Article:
Spencer Bohren: Tempered Steel (Valve Records)

Spencer Bohren, Tempered Steel, album coverBuy on Amazon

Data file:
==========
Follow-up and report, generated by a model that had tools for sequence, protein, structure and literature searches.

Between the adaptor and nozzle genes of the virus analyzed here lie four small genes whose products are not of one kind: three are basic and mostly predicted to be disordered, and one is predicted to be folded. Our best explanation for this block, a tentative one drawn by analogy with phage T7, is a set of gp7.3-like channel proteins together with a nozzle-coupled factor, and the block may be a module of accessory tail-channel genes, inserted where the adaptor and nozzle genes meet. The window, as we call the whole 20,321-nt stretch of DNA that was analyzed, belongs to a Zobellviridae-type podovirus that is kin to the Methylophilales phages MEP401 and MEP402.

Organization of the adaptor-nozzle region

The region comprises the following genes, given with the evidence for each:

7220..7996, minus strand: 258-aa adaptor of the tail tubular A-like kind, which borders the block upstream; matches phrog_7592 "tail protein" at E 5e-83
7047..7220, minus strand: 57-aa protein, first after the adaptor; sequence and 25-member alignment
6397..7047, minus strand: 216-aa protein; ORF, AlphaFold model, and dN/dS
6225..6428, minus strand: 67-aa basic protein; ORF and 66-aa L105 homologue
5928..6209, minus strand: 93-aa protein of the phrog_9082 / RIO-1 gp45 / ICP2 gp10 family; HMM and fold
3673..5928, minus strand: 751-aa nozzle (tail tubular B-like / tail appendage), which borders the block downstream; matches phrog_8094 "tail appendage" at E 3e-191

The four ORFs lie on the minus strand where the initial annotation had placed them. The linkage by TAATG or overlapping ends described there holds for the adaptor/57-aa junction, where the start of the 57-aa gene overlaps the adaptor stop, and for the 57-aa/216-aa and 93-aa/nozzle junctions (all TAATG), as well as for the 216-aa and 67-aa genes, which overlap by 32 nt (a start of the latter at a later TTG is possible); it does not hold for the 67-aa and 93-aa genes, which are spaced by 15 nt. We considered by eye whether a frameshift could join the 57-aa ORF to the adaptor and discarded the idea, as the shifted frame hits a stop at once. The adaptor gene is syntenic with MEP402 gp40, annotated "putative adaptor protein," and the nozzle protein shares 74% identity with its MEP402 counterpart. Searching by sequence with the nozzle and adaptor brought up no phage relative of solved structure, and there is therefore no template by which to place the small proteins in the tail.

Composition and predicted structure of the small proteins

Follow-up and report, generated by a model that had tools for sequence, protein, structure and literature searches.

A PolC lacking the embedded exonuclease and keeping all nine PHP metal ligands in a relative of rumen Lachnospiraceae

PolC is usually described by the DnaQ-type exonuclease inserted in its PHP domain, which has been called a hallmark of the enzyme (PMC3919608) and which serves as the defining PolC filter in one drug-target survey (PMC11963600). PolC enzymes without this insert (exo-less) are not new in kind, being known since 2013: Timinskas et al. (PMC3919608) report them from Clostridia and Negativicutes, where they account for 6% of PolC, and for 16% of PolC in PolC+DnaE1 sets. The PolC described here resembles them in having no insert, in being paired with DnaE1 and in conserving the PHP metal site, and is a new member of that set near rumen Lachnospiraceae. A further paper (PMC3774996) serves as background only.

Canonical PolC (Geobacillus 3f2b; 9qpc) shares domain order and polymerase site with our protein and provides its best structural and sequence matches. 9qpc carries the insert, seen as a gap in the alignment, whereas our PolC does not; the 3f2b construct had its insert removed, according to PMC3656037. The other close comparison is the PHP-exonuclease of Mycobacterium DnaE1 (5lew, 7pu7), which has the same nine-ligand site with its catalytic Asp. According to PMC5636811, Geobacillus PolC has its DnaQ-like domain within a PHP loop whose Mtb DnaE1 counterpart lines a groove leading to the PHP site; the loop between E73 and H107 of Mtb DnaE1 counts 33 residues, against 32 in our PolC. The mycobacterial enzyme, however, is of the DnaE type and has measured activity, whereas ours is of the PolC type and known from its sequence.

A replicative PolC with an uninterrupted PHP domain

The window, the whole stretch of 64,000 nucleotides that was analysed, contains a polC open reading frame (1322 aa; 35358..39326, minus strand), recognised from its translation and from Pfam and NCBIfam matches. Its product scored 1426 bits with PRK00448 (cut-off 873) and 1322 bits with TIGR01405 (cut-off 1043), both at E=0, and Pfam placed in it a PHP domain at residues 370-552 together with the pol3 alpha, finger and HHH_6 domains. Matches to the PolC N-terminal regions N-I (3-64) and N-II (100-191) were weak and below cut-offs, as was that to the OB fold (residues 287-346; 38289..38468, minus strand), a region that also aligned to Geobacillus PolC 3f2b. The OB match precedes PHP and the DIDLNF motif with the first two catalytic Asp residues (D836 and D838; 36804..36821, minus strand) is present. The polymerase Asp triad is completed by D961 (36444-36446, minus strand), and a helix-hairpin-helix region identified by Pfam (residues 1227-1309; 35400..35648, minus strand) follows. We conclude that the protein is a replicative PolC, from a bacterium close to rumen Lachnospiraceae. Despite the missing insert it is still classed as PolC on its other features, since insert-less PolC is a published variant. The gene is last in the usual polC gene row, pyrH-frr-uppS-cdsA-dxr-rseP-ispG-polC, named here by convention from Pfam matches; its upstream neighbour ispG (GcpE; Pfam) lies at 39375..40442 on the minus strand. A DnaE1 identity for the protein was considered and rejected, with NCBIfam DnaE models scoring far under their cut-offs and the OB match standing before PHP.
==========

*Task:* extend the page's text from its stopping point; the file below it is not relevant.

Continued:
When Spencer Bohren decided to form a group called the Whippersnappers with his son Andre, he took time out from his whirlwind schedule to review his recording career and was astonished by the depth of his catalog. The resourceful guitarist and singer-songwriter has a genius for album concepts and turns out new material in a variety of folk and blues contexts on a regular basis. One of the ideas he’s been encouraged to pursue over the years but never got around to until now is an album showcasing his dexterous and soulful lap steel guitar playing. Anyone who’s seen Spencer perform know how personal and intimate a sound he gets from the lap steel, which matches the plaintive, ethereal quality of his voice to the eerie, sonorous ambience of the steel guitar. This set is bookended by hushed performances of Bob Dylan’s “Ring Them Bells” and “Just Like a Woman,” and also includes compelling blues readings of “Money Blues” “No More Cane On the Brazos” and Blind Willie McTells’s “Broke Down Engine,” an instant classic in the genre. Bohren’s mastery of the microtonalities of the instrument conjures an oneiric presence on Stephen Foster’s “Hard Times,” the mournful folk melody of “Wayfaring Stranger” and Leonard Cohen’s “Hallelujah.” Significantly, Bohren adds three originals to the mix: the formal instrumental “Suite Steel”; the beautiful, arching melody of “Down in Central Tennessee”; and the mournful “Bobby Jo.” Bohren is one of the world’s most expressive guitarists in part because he understands the value of not overplaying. Tempered Steel may be the best recorded example of the terse, stripped-down soul of his conception.